Between calls, there was little down time.
In addition to training, one firefighter had to go to a medical office to complete his annual physical, and Engine 1 had to go to the Anaheim City Yard to get its usual rig, which had been in maintenance for a couple of weeks.
Planned morning and evening workouts in the station gym got scrapped because of the timing and volume of calls.
The biggest call, which required the response of both Truck 1 and Engine 1, as well as units from another AF&R station, was a traffic accident on the southbound 57 Freeway near the Katella Avenue exit that shut down all but the carpool lane and stopped traffic to a crawl.
That call, which involved three vehicles and seven patients, came into Station 1 just before 5 p.m.
Fortunately, all patients escaped with mild to moderate injuries.
Firefighters had to use a “Jaws of Life” hydraulic tool to extricate five family members from their Toyota Highlander, which had flipped but landed upright.
Typically, firefighters try to eat lunch around noon and dinner at 5 p.m., with each contributing $20 per day ($16 for the meals, $4 that go toward snacks and other staples stocked on shelves in the station’s industrial-sized kitchen).
Firefighters shop and eat together because they have to immediately roll to calls as they come in.
Bennett, of Engine 1, steps up as head chow person for the shift. He plans to serve cashew chicken salad pita sandwiches for lunch and Chinese chicken salad for dinner.
But just 30 or so feet into a Vons grocery run at 11:10 a.m. Friday, a medical aid call comes in.
“There go our lunch plans,” Bennett says as he and his Engine 1 partners roll to a mobile home park to tend to a man in his 50s who has seizure-like symptoms.
After that call, the debate starts:
Del Taco or poke bowls for lunch?
The crew of Engine 1 settles on PokiNometry, a popular sushi restaurant in downtown Anaheim.
They are back at Station 1 by 12:30 p.m.
“All right, let’s chow,” Bennett announces.
“Sometimes,” he notes, “the hardest part of a shift is getting the food.”
The crew on Truck 1, on a call concerning a possible heroin overdose, returns to the station around 2:20 p.m. to scarf down on Mexican takeout.
“Meals are important,” Colonelli says. “They’re the glue, the camaraderie. They are what gets you through the 72s (three 24-hour shifts in a row), the long work hours.”
Typically, the captains give their crew members “free time” between around 1 p.m. and 3 p.m. to study or train and to allow the captains to get caught up on reports.
But there’s no “typical” at a firehouse.
A medical aid call comes in at 1:08 p.m. and at 2 p.m., the Shift A firefighters huddle around the chow table to watch a training video about new portable radios.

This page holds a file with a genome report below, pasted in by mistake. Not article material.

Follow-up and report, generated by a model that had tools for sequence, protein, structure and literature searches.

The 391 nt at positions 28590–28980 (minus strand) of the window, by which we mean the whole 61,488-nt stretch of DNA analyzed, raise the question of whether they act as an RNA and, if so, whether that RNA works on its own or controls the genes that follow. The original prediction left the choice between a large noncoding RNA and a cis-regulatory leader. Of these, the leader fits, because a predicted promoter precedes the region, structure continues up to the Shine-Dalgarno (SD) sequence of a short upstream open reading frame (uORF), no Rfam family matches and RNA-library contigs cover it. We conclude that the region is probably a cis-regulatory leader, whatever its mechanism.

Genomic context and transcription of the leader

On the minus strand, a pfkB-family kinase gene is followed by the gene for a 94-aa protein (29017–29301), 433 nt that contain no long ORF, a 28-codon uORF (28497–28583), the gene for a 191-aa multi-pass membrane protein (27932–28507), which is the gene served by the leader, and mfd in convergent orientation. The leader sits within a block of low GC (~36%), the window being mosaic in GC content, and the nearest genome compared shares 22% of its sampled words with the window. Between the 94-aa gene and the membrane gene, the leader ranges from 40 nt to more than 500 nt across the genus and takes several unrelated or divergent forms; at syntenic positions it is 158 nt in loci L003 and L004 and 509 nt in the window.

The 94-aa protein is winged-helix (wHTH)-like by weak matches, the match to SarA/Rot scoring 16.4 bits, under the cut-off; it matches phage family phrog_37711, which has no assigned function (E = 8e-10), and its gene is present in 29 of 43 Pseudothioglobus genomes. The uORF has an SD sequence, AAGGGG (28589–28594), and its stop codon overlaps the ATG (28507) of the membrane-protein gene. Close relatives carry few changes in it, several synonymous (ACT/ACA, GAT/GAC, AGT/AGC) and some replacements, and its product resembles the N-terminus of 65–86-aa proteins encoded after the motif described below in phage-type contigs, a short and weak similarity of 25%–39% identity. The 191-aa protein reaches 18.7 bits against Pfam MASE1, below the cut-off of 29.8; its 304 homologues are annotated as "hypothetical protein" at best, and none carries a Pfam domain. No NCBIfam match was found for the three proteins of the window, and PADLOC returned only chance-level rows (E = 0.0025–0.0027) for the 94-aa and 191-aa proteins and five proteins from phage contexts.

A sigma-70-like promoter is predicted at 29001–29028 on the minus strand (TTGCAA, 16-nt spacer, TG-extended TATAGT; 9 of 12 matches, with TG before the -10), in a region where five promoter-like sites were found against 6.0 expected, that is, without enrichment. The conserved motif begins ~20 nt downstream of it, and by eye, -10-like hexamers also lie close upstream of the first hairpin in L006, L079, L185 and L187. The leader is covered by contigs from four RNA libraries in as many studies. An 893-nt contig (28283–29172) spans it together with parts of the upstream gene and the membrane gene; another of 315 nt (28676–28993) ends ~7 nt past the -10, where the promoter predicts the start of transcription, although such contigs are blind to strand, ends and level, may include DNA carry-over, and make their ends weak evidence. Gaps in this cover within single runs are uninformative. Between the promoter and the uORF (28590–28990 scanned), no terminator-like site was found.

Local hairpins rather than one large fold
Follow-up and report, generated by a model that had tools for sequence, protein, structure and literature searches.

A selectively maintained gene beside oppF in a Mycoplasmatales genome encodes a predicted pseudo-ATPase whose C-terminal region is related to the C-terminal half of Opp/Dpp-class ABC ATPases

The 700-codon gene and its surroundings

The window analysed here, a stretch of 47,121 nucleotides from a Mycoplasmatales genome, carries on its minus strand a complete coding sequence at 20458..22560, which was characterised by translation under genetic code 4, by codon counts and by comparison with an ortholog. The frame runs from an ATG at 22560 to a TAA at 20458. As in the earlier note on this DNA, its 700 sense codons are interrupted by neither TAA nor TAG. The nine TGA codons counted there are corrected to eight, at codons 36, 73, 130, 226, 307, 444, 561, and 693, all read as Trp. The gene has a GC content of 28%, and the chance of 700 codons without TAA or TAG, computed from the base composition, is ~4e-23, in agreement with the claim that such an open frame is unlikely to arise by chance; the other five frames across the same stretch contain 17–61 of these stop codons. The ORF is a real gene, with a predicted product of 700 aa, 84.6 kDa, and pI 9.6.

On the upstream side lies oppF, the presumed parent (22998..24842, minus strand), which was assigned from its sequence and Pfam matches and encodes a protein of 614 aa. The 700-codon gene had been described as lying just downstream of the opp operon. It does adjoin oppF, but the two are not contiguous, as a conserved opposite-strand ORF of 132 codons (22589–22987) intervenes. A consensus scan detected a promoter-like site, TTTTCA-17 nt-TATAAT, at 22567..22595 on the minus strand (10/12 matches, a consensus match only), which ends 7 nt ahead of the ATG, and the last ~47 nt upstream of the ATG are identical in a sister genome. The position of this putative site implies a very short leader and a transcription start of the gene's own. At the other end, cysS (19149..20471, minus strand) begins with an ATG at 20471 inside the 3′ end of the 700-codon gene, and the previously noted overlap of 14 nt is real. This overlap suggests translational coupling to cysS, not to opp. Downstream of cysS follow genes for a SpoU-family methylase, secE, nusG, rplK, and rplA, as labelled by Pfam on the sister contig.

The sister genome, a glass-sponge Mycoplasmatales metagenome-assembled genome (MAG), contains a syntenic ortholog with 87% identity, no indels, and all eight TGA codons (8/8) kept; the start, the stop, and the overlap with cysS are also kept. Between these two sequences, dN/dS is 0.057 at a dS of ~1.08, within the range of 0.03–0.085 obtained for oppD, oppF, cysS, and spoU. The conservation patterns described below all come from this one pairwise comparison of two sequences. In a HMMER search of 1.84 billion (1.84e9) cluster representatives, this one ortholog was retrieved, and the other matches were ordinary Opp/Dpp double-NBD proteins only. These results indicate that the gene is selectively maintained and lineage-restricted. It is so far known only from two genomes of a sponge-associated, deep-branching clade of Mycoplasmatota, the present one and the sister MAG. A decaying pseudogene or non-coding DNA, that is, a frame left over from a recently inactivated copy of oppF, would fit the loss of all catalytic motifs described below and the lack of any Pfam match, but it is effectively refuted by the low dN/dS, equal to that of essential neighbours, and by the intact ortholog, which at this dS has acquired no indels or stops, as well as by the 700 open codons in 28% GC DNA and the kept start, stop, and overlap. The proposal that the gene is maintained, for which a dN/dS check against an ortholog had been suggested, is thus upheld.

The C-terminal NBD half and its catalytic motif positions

At 4:47 p.m., Bennett starts cutting chicken for his Chinese chicken salad — enough to feed more than a dozen.
At 4:53 p.m., the firefighters respond to a traffic accident.
There’s another traffic accident at 6:33 p.m. that further delays preparation of dinner.
After a handful of other calls — including one about an open fire in a park that turns out to be a group of homeless men cooking dinner in a barbecue (“Use charcoal next time,” Bowidowicz advises them) — the firefighters finally sit down for dinner at 8:30 p.m.
As is customary, the EMTs — on this shift, Austin Jones and Nick Torres — are served first, after guests.
Truck 1 goes out at 12:11 a.m. Saturday on a traffic accident. A male is blocks from his home in Anaheim, about to get handcuffed and taken to the Anaheim PD jail on suspicion of DUI.
According to APD Traffic Investigator John Roman, the suspect met up with a date he arranged via a social media app in Torrance, and was returning home with his date when he turned left at a green light and nearly hit an approaching car head on.
The two men in the car request evaluation at an ER.
The DUI suspect’s date summons an Uber to take her home to Torrance.
“You get to see a lot of bad choices out here,” Roman says.
Shortly after that call, in another Uber-related incident, an off-duty California Highway Patrol officer needs to be transported from one hospital to a higher-level one.
For unclear reasons, a man slugged him in the back of the head while the victim and his date were about to get into an Uber car after a country music concert at House of Blues.
The victim, 39, suffered subdural bleeding and a skull fracture.
Truck 1 served as a taxi in what is known as a critical care transport call.
Truck 1 is back at the station at 2:47 a.m.
“What have we learned tonight?” Capt. Bowidowicz asks his crew on the drive back.
“Just stay home,” Firefighter Engineer Pope says.
Nothing good, the two agree, happens on the streets after midnight.